Encore! Marvest returns with a bigger, better local fest in the Glebe
When big headliners Anni Difranco, David Byrne and Hozier close out CityFolk this September, the party is only getting started in the Glebe.
The fourth edition of Marvest is set to invade the neighbourhood Sept. 14-15 – and this year’s local music showcase is bigger and better than ever, with 26 venues, more than 70 bands and 89 performances packed into two full days of phonic fun. And it’s all free.
“The idea behind Marvest is to celebrate the vibrant local music industry here in the Ottawa-Gatineau area by bringing together emerging and established artists in conventional and unconventional venues throughout the Glebe to create a unique, festival atmosphere for festival goers,” says Marvest Program Coordinator Emma Francis.
More than 25,000 music fans attended Marvest shows last year – a number that has doubled in size since the festival’s inception in 2015. These numbers paint a true picture of how much Ottawa loves its music scene and just how deep the city’s sonic rabbit hole goes.
“Ottawa cares about local talent,” says Francis, adding that she sees over 500 artist submissions every year for Ottawa Bluesfest and CityFolk. “The growth in attendance at Marvest over the last three years speaks to local appreciation for homegrown talent as well as the popularity of featuring local openers before touring headliners at festivals and club shows throughout the year. People want to see them up on stage.”
Marvest is a CityFolk off-shoot festival that features scores of emerging bands playing throughout the Glebe. Hair salons, pubs, banks and boutique shops will be bursting with music over two days. The festival was modelled off Austin’s acclaimed SXSW festival, and its exponential growth over the years proves it’s here to stay.
What’s nice about Marvest is that most of the shows happen either before or after big headliner sets at CityFolk, allowing both patrons and passersby the chance to catch homegrown talent on the way to see their favourite artists. And once Michael McDonald throats out that final croon Saturday night, music fans can keep the party going all along Bank Street throughout the night. The timing is no accident.
“Marvest adds a fun – and free – live music alternative to CityFolk festival goers,” adds Francis.
“In an effort to encourage patrons to discover new local music and wander throughout the Glebe, much of Marvest’s programming takes place before or after ticketed musical programming at CityFolk.”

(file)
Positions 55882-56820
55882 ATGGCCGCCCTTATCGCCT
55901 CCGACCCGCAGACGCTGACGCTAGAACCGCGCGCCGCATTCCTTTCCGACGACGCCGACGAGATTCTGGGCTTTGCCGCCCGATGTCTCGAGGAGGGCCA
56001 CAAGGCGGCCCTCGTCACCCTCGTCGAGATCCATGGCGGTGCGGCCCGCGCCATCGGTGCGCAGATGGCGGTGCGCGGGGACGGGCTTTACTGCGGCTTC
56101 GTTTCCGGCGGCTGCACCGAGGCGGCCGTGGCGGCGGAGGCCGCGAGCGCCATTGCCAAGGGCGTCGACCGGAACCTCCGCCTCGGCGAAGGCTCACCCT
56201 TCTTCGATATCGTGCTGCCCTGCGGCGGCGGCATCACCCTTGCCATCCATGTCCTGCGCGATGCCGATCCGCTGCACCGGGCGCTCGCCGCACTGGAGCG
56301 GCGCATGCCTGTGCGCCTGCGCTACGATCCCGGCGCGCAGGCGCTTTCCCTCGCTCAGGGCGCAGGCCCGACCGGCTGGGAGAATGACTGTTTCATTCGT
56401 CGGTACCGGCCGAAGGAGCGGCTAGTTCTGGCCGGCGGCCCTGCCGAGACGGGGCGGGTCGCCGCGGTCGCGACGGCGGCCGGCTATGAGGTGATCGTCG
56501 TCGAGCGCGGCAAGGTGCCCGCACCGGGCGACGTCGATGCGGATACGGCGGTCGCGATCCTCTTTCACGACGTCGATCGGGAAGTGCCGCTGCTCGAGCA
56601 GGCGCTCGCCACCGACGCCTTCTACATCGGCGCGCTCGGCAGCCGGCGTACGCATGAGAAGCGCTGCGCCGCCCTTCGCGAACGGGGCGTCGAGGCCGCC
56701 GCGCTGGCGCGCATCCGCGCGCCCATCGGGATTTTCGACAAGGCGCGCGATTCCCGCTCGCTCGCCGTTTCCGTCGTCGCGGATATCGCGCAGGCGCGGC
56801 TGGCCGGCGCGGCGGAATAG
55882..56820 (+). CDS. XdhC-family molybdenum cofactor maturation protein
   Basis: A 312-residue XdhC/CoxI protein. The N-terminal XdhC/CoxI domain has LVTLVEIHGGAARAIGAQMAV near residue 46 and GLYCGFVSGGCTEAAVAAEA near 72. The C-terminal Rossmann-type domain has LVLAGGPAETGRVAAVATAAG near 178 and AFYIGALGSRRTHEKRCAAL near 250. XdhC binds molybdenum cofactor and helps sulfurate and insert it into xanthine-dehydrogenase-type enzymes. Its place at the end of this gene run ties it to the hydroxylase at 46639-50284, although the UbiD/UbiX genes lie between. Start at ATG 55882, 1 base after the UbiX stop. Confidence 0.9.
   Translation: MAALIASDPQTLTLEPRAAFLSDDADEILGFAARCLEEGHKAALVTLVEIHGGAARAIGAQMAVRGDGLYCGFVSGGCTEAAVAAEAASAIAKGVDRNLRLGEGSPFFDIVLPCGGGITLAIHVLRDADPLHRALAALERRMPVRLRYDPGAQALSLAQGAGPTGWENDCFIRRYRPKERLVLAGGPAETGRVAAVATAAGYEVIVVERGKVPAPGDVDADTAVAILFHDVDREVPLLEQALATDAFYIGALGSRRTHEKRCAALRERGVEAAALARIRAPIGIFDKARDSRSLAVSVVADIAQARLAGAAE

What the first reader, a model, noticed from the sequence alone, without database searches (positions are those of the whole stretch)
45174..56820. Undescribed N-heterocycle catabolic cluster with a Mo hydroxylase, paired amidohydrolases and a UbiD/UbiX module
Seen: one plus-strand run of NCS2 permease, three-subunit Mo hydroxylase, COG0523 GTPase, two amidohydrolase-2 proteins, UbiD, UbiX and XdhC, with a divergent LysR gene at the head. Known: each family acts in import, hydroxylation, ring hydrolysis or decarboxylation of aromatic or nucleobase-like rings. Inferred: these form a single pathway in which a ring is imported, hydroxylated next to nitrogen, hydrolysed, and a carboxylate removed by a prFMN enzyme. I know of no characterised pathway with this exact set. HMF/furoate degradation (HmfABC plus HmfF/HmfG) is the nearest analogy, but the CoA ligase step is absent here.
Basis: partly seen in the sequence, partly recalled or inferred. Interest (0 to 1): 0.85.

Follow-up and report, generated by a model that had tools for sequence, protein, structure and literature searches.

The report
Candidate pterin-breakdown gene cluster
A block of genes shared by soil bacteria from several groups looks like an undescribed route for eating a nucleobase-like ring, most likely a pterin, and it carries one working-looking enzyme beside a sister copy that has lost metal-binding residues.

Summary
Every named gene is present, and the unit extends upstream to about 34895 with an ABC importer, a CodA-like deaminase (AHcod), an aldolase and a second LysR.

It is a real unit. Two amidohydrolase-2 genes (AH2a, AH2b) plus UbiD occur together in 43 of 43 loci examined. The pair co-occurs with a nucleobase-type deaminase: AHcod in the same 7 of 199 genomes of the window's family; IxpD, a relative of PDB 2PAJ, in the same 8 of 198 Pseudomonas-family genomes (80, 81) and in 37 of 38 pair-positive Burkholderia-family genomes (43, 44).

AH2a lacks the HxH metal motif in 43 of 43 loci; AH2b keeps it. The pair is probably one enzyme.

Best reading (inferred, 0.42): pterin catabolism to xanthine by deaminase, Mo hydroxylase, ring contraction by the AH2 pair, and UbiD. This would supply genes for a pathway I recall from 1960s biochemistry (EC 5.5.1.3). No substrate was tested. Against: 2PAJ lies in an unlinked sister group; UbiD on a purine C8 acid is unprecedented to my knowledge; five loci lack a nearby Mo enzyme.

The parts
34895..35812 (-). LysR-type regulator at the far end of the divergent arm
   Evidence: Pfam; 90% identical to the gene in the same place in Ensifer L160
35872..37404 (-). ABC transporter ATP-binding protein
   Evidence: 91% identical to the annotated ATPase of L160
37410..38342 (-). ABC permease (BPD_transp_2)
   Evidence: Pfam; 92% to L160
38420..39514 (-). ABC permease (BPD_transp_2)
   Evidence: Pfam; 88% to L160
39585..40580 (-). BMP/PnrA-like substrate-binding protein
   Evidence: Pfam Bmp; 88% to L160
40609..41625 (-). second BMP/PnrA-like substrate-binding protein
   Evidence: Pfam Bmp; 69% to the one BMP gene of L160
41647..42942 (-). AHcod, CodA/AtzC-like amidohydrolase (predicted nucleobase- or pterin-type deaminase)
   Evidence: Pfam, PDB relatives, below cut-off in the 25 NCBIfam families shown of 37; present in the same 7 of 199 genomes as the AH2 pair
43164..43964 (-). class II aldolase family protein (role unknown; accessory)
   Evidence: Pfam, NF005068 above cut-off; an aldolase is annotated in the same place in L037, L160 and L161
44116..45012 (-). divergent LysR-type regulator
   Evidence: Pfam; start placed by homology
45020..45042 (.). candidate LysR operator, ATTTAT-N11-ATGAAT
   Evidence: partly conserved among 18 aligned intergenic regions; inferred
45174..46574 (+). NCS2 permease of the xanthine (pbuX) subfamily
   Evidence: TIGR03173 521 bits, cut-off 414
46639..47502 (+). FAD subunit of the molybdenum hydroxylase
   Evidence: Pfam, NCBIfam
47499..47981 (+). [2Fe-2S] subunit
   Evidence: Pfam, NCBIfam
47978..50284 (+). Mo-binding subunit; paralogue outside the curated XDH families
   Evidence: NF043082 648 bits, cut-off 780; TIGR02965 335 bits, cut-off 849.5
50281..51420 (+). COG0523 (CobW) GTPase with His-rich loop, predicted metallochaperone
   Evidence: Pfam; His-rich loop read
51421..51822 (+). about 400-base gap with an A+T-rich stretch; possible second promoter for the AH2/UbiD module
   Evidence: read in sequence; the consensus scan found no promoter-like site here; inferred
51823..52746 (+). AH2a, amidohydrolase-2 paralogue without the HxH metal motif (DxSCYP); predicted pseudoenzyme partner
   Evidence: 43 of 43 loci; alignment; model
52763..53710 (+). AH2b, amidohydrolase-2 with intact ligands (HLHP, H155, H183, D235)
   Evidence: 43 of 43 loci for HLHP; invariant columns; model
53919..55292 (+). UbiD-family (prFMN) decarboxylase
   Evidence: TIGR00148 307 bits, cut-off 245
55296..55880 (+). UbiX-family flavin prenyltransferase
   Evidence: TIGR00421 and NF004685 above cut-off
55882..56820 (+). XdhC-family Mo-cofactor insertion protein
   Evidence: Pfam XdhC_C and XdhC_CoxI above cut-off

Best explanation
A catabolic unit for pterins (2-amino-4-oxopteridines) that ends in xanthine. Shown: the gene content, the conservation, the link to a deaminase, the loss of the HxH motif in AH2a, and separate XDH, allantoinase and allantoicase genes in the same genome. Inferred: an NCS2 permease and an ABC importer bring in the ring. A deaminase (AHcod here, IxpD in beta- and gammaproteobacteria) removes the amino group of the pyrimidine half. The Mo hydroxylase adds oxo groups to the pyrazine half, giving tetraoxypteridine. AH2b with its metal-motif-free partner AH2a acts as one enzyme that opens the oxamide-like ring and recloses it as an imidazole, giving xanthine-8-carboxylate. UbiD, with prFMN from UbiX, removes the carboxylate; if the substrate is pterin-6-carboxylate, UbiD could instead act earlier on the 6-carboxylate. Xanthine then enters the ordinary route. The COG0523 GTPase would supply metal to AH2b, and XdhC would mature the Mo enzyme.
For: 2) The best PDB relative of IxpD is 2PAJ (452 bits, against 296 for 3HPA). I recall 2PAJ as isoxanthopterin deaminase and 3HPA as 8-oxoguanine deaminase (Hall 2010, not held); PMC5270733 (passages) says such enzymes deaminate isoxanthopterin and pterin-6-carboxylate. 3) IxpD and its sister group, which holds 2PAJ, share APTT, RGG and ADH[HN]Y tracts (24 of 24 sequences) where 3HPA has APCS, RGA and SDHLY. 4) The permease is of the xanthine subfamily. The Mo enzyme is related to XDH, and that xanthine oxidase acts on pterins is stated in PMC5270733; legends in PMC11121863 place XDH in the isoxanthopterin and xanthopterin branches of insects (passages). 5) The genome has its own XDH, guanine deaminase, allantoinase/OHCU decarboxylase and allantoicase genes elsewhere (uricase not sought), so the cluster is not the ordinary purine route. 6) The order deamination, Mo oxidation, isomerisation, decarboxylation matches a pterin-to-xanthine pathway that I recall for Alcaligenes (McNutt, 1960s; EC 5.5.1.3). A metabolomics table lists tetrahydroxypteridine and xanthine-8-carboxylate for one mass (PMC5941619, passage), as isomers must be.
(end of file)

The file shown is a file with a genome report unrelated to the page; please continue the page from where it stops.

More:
This year’s lineup boasts a roster of rich local talent that includes gritty folk trio Old Man Grant, experimental rock group The Reverb Syndicate, indie rockers Rebelle, Singer SOngwriter Christine Jakel and Josephine Leone, among scores of other emerging acts from the region. To mark CityFolk’s 25th anniversary this year, the festival is also running a series of acoustic shows at the St. Giles Presbytyrian Church and the Fourth Avenue Baptist Church on Sept. 7, 8, 14 and 15. Starting this off this weekend is Jack Pine and the Fire at the St. Giles Presbytyrian Church Friday night. Saturday will see the Fourth Avenue Church host an acoustic performance by The Trews. A Country Gems show featuring Kelly Prescott, Ball & Chain and Ali McCormick will take over St. Giles on Sept. 14 while Finest Kind, The Welsh Tornado, James Stephens, MOONFRUITS, Julie Corrigan and Campbell Woods will take over the church on Sept. 15. All of the ticketed shows will be $10 at the door.
“This is a great opportunity for the CityFolk organization to promote local talent by working in cooperation with neighbourhood businesses,” says CityFolk executive director Mark Monahan. “It gives the musicians a boost by helping them develop their audiences, and it helps businesses broaden their customer base.”
Much of the success of Marvest is credited directly to the community buy-in that has grown from the ground up in the Glebe and its surrounding neighbourhoods. From residents packing into The Papery to see a brother-sister duo stomp out some fiddling tunes to the scores of businesses like Bank of Montreal and Mrs. Tiggy Winkle’s that transform their space for one special day or night, it’s clear that there is a thirst for the arts in the neighbourhood. The hyper local music fest is just another contributor to the hip, eclectic and funky vibe that the neighbourhood has always been known for. Major concerts and sporting events at Lansdowne bring passionate fans to the area, while a suite of innovative restaurants are attracting the city’s food lovers in droves. Specialty shops have made Bank Street a hub for shoppers looking to get exclusive finds, as Instagrammers dart through the neighbourhood snapping pics of hip new cafés and the many colourful murals splashed among the tree-lined streets. And the addition of new parks and side street patios have brought a welcoming vibe for families and visitors alike.
“We support unique and quality programming that creates a sense of place here in the Glebe – events that put feet on the street, people in seats and that contribute to quality of life in the community,” says Glebe BIA Executive Director Andrew Peck.
“Marvest is one of those events that brings the city together to celebrate our diverse local music scene. And what better place to celebrate great Canadian music than in one of Canada’s great urban neighbourhoods?”
Marvest runs Sept. 14-15 at various venues throughout the Glebe. Click here for more information, lineup and schedule details.